Sixty five years ago in Bad Worishofen,West Germany, I was born to Luba and Abraham Schabrinski. I was named Moses. My parents left their native Poland in the spring of ’46 and settled in the resort town outside of Munich.
They were the only ones in their immediate families who survived the Holocaust. In August 1949, we arrived in America and lived on the lower East Side until 1953, when we moved to an airy four room apartment in the west Bronx, a couple of blocks from the University Heights campus of NYU, which now houses Bronx Community College. In June 1959, I became a U.S.citizen, taking the oath to uphold the Constitution in the federal court house in lower Manhattan.
Yesterday, was the 65th anniversary of “It’s a Wonderful Life,” the iconic Christmas movie about redemption, loyalty, and family. When I first saw the movie decades ago, it struck a chord about what life would be like if…In my case, what if my parents decided not to leave Poland? What if my parents decided to go to Argentina, where my father’s uncle was living? What if they decided to move to Australia? What if after arriving in West Germany, they decided to stay and not come to America? What if upon arriving in America, they moved to Los Angeles, where my mother’s uncle was living? What if…?
There are endless what ifs in life. The one “what if” I dread to contemplate is what if I had not met Florence nearly fifty years ago and not started dating her in 1965. We got engaged in 1967 and married in 1968. I could not imagine being without her. We have been together through thick and thin for nearly 44 years.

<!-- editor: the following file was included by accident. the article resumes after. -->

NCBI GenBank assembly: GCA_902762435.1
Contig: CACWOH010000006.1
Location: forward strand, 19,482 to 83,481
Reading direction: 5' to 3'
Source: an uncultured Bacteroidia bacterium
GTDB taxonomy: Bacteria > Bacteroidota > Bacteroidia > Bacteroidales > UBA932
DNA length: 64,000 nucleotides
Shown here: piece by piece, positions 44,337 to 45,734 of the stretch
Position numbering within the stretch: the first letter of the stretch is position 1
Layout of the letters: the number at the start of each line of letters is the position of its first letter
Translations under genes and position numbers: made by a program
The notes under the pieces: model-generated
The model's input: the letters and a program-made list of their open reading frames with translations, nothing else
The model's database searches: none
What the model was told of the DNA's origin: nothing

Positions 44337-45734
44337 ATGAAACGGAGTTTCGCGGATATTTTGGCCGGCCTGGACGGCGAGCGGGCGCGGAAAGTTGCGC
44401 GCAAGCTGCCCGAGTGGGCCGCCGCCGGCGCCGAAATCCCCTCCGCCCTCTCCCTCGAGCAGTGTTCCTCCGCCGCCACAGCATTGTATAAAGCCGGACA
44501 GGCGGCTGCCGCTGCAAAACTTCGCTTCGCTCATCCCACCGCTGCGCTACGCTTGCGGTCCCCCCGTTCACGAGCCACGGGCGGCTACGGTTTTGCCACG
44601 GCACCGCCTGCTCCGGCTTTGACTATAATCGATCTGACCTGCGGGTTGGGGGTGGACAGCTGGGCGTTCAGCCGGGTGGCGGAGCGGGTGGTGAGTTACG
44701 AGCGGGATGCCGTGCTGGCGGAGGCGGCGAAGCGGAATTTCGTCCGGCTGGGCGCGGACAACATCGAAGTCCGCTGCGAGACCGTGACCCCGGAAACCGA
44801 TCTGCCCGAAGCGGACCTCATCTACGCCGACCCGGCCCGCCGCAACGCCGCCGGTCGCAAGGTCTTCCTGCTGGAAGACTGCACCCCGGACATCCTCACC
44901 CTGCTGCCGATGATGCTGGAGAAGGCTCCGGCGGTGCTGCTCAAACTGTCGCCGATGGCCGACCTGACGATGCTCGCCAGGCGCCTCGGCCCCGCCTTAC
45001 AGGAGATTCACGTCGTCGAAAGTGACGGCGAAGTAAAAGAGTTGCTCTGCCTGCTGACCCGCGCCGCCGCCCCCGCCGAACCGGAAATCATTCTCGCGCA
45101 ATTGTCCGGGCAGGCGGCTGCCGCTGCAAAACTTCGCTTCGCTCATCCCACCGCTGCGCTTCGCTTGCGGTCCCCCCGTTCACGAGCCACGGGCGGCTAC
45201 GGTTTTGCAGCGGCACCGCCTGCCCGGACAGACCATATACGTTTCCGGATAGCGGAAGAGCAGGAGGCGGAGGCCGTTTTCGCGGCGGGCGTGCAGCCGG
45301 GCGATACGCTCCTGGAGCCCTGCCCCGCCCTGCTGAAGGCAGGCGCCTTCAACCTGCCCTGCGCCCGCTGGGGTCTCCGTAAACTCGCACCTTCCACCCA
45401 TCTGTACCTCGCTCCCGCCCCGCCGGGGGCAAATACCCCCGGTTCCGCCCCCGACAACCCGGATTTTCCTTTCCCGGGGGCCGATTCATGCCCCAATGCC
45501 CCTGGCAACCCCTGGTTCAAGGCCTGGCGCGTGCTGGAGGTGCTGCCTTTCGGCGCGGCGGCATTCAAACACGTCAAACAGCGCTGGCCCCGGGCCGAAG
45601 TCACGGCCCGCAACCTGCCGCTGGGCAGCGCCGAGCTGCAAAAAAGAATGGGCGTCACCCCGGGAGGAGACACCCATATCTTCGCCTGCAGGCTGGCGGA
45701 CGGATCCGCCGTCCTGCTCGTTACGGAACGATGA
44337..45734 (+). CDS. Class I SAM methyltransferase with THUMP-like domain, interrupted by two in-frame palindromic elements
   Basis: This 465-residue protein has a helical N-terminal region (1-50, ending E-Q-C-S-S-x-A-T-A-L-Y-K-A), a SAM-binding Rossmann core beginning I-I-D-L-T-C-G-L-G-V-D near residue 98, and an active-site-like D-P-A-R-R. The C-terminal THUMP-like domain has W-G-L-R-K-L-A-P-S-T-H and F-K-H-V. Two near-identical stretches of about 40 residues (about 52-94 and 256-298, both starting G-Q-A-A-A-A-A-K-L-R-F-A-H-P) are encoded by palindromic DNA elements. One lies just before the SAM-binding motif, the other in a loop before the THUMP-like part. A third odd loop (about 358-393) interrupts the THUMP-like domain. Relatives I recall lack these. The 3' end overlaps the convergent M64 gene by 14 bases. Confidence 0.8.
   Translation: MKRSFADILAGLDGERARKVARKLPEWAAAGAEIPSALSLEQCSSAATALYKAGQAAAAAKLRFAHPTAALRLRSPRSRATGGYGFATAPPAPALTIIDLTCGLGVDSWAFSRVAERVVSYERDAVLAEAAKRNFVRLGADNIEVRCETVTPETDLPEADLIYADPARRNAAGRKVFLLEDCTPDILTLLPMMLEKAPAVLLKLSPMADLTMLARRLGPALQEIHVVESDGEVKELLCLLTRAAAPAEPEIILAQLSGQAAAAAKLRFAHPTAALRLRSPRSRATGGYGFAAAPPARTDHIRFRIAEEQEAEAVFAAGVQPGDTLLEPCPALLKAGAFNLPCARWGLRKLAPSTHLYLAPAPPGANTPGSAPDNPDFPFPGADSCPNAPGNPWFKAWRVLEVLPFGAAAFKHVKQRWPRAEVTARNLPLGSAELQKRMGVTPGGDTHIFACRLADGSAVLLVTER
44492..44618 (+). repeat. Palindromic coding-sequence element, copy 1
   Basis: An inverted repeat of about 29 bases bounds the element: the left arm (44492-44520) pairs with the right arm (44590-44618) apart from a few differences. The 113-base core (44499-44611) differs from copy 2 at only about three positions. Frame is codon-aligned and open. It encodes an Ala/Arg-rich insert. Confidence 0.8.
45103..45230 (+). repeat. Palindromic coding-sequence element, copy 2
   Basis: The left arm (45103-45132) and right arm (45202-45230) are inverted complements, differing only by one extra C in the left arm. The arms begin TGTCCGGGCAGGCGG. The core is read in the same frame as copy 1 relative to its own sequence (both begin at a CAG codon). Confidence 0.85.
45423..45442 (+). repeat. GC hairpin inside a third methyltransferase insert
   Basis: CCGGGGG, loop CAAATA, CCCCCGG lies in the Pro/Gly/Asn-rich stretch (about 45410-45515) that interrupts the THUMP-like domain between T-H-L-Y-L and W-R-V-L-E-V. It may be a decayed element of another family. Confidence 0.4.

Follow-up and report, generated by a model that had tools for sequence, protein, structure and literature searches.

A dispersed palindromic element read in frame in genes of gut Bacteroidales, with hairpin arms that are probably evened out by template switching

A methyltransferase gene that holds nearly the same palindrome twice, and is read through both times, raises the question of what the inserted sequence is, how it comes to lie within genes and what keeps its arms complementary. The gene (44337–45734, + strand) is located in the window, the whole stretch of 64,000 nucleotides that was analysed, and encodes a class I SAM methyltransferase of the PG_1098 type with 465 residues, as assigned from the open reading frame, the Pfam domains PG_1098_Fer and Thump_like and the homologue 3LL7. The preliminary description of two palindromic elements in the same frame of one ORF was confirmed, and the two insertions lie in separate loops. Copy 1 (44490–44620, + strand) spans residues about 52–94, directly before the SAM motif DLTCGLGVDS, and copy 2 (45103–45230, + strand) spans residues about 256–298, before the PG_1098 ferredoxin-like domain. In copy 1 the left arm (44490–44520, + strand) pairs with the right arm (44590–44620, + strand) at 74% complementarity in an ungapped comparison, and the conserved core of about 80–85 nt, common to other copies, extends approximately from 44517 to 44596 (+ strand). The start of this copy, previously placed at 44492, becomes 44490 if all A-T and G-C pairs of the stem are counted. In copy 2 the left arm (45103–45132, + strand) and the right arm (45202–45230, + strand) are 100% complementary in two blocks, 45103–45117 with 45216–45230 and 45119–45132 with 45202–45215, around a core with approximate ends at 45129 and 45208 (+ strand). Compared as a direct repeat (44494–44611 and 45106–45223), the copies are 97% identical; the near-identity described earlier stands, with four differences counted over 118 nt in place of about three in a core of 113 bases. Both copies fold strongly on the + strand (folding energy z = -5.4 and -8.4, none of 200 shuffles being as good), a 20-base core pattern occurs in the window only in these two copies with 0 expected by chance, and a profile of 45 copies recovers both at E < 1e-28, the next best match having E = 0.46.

At the end of “It’s a Wonderful Life,” Harry Bailey makes a toast to his brother George, after a bank run nearly destroys the Bailey Building and Loan, which George has headed up since his father died. Although George Bailey is a struggling small time banker, his brother says, “A toast to my big brother George: The richest man in town!”
In many ways, most of us are George Bailey. We are “rich,” in our own way, not trying to amass a “fortune” but by being productive and seeking to have a “comfortable” life. In addition, we are rich, in another way in my humble opinion, if we follow the Golden Rule, a fundamental idea I learned at a very young age. Virtually all the world’s ills would disappear if everyone embraced the Golden Rule. Why people don’t is beyond my ability to probe into the human soul and psyche.
Nevertheless, turning 65 today is hard to believe inasmuch as that age was considered old, very old, when we were growing up in the Bronx, more than five decades ago. But if 65 is the new 55 or 45, I will take another 30-40 years to make sure the next several decades are the most productive yet. Retirement is out of the question. Just ask Florence.
What’s ahead? Well, if the Mayans and the other prophets are right, my 66th birthday (12/21/12) will be my last as the world ends. This would confirm what I learned decades ago, I will never collect Social Security.
But just in case the Mayans and others are incorrect, I will complete Ponzi Government in the next few months, because the American people need to know how they have been shafted by the political and financial elites for decades and what we the people can do about it.
Today, we will spend a quiet day getting ready to leave for a vacation in the sun. So Happy Hanukkah, Merry Christmas, and Happy New Year to you and your loved ones.